Perhaps there is less opportunity for trickery and sharp practice in pricing and selling online content and services than there is with legacy models. With online, we are less inclined to be seduced by length and volume of content and certainly less tolerant of the idea of updating very infrequently while still accepting the notion of “service”. If a publisher were to admit to and display the fact that its online services were updated maybe only one, two or four times a year, I believe that customers would consider such services to be sub-optimal. Yet with CD, DVD and looseleaf delivery, it is often the case that this is all the publishers are geared-up to deliver, while the world has long-since moved on to real-time updating. Rather than talking about the demise of the format, it might be more about independent authors and editors who will not be shackled to their keyboards and be prepared to deliver to order.

For my part, I shall not greatly mourn the disappearance of paper-based looseleaf services and newsletters, CDs and DVDs. They served well in their time but that era must surely be over. Whether or not legal and professional publishing can continue do so well as in the past from the delivery media successors and indeed other innovations intended to replace the obsolete ones, remains to be seen. As I dispose of some of my own shares in a couple of the major international providers, I am rather more content to see my financial future depend on more dynamic areas of commercial activity.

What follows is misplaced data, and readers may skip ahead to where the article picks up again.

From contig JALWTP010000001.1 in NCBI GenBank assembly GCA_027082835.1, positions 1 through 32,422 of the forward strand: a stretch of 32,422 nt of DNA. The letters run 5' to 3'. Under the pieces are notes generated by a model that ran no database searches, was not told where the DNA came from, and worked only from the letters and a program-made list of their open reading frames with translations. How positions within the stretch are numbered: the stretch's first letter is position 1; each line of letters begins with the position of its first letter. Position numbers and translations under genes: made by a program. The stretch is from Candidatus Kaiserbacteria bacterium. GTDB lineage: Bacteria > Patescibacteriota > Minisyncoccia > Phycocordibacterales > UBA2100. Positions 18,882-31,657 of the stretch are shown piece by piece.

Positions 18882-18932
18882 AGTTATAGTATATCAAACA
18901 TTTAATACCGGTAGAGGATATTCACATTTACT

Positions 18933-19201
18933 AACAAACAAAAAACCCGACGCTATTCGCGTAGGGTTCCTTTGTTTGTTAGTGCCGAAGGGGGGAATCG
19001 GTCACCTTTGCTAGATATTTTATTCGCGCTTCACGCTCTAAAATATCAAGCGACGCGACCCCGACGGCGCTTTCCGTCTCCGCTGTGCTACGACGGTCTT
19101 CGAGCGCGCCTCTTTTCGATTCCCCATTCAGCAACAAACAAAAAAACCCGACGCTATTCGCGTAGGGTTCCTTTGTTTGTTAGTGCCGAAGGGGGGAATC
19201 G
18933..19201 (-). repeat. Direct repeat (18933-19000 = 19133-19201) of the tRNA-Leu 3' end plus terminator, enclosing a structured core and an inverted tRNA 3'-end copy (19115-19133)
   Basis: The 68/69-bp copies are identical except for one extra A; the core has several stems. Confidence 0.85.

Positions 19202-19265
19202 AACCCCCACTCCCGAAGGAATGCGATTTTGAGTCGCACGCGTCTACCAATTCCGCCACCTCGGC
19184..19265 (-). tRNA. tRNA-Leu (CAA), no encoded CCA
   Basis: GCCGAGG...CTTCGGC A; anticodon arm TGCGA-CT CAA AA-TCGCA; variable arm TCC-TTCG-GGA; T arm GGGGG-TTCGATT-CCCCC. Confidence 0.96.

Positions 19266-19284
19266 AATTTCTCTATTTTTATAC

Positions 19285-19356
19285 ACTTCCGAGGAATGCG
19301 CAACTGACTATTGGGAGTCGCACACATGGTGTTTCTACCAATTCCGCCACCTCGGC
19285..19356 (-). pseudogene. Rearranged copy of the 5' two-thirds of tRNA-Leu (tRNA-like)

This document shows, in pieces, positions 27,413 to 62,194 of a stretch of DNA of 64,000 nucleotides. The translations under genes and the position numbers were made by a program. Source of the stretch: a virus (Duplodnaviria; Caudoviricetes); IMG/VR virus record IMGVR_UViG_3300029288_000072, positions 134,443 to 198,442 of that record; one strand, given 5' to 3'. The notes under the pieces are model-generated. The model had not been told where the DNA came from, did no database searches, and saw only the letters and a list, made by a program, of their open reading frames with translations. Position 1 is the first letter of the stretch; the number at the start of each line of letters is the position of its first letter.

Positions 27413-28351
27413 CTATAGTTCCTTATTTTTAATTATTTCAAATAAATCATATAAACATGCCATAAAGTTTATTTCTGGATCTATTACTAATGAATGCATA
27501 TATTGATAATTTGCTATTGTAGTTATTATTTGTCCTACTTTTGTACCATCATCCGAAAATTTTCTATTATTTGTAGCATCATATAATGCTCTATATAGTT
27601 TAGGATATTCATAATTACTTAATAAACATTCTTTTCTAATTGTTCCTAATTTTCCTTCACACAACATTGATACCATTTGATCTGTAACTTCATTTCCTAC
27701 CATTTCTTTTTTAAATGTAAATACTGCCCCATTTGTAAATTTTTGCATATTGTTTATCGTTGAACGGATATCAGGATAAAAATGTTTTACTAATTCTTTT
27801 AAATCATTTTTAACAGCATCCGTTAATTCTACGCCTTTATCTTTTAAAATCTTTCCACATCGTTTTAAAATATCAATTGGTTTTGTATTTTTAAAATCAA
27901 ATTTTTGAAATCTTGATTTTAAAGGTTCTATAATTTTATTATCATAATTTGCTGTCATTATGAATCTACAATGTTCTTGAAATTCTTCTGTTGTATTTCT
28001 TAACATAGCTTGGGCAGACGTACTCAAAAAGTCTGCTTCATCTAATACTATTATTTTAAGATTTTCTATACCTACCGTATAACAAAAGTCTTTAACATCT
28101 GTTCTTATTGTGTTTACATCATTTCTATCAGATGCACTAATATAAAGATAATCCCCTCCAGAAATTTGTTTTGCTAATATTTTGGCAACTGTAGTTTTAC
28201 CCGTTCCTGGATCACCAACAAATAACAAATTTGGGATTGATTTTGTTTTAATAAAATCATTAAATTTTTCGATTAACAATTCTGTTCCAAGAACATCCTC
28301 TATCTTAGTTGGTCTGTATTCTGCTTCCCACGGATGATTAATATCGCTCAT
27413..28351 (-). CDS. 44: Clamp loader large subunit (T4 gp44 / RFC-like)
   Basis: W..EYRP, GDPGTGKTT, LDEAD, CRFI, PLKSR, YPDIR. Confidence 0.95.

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Comments

  1. Or to paraphrase: Big Bob says Sell Sell Sell?
    Schadenfreude at the DTD addicts going the same way as the hot metal ones aside…
    Today the English Companies Registry announced that from April 2015 all company data will be free.
    Nothing stands still.

    Don’t get mad; don’t get even; get Better.
    The old legacy publishers got mad, ended up in court lots and achieved next to nothing.
    They never got even; only Thomson really has a claim now to have at least ‘kept up’.
    One or two got better and keep doing so; but they do so Despite, not because of the industry group think.

  2. Thanks David

    You’ll have enjoyed reading about WK and RE swapping assets in Canada and Poland. What does that song say?…”After changes upon changes, we are more or less the same”. You might not agree with my next Slaw article, “Legal and Professional Publishing: Has it Become Desperately Dull?”. Naturally though, I don’t know the answer.